We should also note that the term ason (“harm”), found in both verse 22 and verse 23 is indefinite in its reference. The expression “lah” (“to her”), which would restrict the harm to the woman in distinction from the child, is missing. Thus the most natural interpretation would regard the “harm” as pertaining either to the woman or to the child. Verse 22 therefore describes a situation where neither mother or child is “harmed”—i.e. where the mother is uninjured and the child is born alive. Verse 23 describes a situation where some harm is done—either to mother or child or both.
In fact, it isn’t entirely accurate of me to say that it has merely premature birth and not miscarriage. Many scholars think the passage is purposely left ambiguous so the law can have multiple applications. So, it may be erecting a false dichotomy. The Casuistic laws are written as case laws. It wouldn’t be hard to imagine that the ambiguous nature of the words in the passage is meant to cover both the mother and children:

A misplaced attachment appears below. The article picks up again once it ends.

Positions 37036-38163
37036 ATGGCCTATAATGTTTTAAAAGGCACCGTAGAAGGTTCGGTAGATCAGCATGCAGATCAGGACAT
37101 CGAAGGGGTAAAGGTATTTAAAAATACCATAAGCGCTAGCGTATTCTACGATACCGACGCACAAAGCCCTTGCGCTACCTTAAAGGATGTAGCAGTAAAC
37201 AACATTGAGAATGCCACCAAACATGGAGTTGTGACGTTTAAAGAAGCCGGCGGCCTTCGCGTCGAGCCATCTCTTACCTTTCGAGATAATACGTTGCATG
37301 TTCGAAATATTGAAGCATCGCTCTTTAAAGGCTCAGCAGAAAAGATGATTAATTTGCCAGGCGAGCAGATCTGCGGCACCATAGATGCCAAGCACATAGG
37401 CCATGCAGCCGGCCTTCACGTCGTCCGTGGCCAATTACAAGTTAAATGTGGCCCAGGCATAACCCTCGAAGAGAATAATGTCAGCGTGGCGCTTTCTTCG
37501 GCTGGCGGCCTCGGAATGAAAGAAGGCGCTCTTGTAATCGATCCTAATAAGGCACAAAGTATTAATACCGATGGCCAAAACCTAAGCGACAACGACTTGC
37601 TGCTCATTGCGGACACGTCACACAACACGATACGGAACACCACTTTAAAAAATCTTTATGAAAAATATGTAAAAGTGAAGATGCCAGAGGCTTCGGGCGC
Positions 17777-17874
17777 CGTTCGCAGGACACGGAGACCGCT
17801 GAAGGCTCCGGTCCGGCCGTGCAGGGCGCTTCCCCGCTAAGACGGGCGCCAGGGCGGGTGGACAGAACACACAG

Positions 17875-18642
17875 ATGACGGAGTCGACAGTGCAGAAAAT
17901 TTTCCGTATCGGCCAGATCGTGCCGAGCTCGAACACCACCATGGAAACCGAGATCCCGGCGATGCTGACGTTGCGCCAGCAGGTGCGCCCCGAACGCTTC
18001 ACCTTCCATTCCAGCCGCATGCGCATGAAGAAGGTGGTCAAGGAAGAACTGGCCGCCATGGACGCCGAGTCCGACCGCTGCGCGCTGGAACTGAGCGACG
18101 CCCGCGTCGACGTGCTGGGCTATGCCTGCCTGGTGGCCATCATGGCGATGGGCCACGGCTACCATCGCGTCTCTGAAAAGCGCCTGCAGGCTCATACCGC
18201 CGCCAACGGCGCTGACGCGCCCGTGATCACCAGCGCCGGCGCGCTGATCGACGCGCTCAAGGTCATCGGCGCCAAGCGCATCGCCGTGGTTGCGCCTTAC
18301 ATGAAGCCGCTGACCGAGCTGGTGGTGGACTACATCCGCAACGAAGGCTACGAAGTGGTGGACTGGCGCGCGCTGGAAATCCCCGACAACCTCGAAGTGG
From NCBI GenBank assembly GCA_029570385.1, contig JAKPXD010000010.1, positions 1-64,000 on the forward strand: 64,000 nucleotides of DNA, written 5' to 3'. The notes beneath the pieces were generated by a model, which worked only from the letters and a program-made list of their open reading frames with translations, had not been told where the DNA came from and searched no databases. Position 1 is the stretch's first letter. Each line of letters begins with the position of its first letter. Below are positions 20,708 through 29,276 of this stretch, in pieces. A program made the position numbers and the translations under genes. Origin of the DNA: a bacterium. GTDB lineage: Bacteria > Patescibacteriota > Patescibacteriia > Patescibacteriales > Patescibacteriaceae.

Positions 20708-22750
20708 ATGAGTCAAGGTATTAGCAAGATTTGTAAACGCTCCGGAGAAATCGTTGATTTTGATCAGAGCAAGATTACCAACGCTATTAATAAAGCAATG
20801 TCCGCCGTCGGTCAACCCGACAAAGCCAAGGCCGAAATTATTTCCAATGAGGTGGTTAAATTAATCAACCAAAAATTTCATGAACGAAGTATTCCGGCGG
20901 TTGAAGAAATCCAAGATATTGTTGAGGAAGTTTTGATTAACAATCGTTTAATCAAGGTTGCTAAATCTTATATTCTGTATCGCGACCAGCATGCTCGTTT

Even if that [“serious damage”] is the best English equivalent, do we understand the verses to refer to life-threatening or life-ending damage (1) to the fetus or (2) to the pregnant woman? If it is view 2, then v22 refers to some nonserious, nonfatal injury to the pregnant woman, while v23 refers to some serious, fatal blow to her that either severely harms her or ends her life. If it is view 1, then v22 refers to premature parturition, while v23 refers to miscarriage. Is the text deliberately vague so as to be multi-interpretational at this point? Can it be “both…and” rather than “either…or”? V. Hamilton, Exodus (Baker 2011), 387.
Probably there is deliberate ambiguity in the text about the nature of the delivery and of any death that might follow in order to allow juries latitude in dealing with the varieties of cases that might arise. D. Garrett, A Commentary on Exodus (Kregel 2014), 501.
Furthermore, there is a legal precedent for the idea that infants are protected by the law. In Hittite law, gives a financial penalty for the death of an infant in certain periods of time: